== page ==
The Weston House, currently Healthy Being Juicery
Year Built: 1936
Historic Use: Residential
Current Use: Healthy Being Juicery
Historic Designation: Teton Trust for Historic Places Easement (2020)
History of the Weston House
After Genevieve Van Vleck’s untimely death in 1936, Roy Van Vleck gifted or sold a 75 ft. by 150 ft. parcel to Stella and her new husband, Harry Weston, where they constructed their log cabin. In 1948, after his second daughter, Jean, married, he sold or gifted her a parcel next to the Weston’s property, where Jean and her husband Bob Stewart constructed a house in c. 1950. The tradition of one generation subdividing their land for the next generation was typical of early settlement in Jackson, where, as families grew, new houses were constructed. This trend is outlined in the Grand Teton National Park MPDF as it applies to homesteads, though the same context is applicable to the development of the town of Jackson as well.
In 1957, Second Street (known as Deloney Street today) was converted from a rutted dirt path into a proper road. “Second Street, east of the Square, is being rehabilitated, dredged, and shocked to pieces. What was once a rutted cow path laced with dandelions and flowering alfalfa, holds great promise of a future boulevard—or at the least a reliable thoroughfare for vehicle traffic,” Grace S. Nelson wrote in The Jackson Hole Guide. The new road ran parallel to Broadway with a 200 ft. space between the roads. This distance left a 50 ft. band between the back of the Weston and Stewarts properties and the new road. In 1959 Roy Van Vleck sold the Stewarts the land behind their property, creating a full lot that ran the distance between Broadway and Deloney Street. The Weston’s never purchased the land behind their lot, instead eventually inheriting it from Roy Van Vleck’s estate. Clare Roy Van Vleck died on March 25, 1960 while on his annual winter vacation to Florida. 6 Stella and Jean inherited his property, retaining it until 1983 when they sold it to Ridge Creek Investment, the same buyer that already owned the lot to the west. At the time, Stella and Harry retained the small piece behind their lot. In 1986 the Weston’s sold their lot to Ridge Creek Investments. In 1989, Ridge Creek Investment combined the Clinton Van Vleck, Roy and Genevieve Van Vleck, and Stella and Harry Weston properties to create the large lot that exists. Abi Garaman and Ridge Creek Investment sold to Deloney Street LLC (Max Chapman) in 2008. In 2007 the Stewart’s sold their parcel on Broadway, and in 2013 it was purchased by Max Chapman.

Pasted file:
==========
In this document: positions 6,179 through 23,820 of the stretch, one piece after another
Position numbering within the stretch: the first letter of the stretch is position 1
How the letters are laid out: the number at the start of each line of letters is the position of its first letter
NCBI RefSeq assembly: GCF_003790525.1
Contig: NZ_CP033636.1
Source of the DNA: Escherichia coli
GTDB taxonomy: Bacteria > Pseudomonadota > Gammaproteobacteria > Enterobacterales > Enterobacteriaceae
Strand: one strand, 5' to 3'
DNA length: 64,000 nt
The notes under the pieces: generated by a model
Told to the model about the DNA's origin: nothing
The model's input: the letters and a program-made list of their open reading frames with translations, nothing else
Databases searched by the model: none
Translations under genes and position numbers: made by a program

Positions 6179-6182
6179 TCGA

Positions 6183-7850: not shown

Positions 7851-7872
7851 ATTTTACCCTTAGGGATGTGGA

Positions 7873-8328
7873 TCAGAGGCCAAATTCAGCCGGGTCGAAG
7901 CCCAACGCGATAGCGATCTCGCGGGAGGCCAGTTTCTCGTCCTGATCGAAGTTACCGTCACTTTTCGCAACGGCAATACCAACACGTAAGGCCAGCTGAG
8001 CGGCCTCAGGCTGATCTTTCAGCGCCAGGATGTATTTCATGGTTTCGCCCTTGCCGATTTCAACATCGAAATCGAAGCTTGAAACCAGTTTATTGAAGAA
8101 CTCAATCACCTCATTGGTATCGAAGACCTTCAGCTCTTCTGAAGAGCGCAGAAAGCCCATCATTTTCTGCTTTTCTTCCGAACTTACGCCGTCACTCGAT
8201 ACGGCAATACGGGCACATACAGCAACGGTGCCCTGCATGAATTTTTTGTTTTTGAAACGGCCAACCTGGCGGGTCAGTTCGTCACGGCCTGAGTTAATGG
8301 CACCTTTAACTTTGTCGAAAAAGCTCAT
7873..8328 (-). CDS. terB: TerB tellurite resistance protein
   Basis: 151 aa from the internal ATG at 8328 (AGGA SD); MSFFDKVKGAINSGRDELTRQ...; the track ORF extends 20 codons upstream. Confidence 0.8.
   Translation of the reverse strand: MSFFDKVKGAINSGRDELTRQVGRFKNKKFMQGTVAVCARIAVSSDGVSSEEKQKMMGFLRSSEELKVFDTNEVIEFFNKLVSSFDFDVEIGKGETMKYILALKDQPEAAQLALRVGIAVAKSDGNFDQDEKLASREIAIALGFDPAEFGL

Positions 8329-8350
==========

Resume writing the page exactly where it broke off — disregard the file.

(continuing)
Stella and Harry Weston lived in their house until their deaths in 1989 and 1990, respectively. Estella, known as Stella, was named after one of Genevieve’s sisters. Over the course of her life she was a true community organizer in Jackson, and instrumental in many “firsts.” She was a member of the “Grey Ladies” volunteers at St. John’s Hospital begun during World War II, worked as a nurses aid at the hospital, helped start the local Girl Scouts, served on the Teton County school board, and was an original member of the Teton County Library Board. She was also an outdoorswoman, taking annual hunting trips for antelope and sage grouse, and enjoying horseback riding and camping. Harry had a similarly positive and direct impact on the community. Born in Cody, he was the son of Harry R. Weston, Sr., who served as Wyoming State Treasurer from 1930-1935. Weston was a volunteer firefighter, served on the Jackson town council, was a member of the Rotary Club and BPO Elks, a Shriner, and a 32 degree mason. A conservationist, Harry also served on the board of the Grand Teton National Park Natural History Association for 52 years. In 1940, Harry and partner Ed Lanke purchased the Jackson Mercantile from Roy Van Vleck. Stella and Harry had three children, Roy, Genevieve, and Harriet.
After Stella and Harry’s deaths, Abi Garaman converted their log cabin into a business space, renting it to a number of different businesses including an orthopedic surgeon, the Snake River Music store, and the Jackson Hole Roaster coffee shop. Healthy Being Juicery, the current occupant, opened in the space in late 2013. Between 1936 and 1990 the location transformed from a residential area to a prime commercial location.
During the Weston’s lives, few changes were made to the house, though the changes around the house were significant. While a photo of the building in 1938 shows that it did not have white trim, another image taken sometime before 1950 shows the white trim in place, suggesting it was added within a few years of the building’s construction. The couple also planted the large cottonwoods, and eventually constructed a garage.
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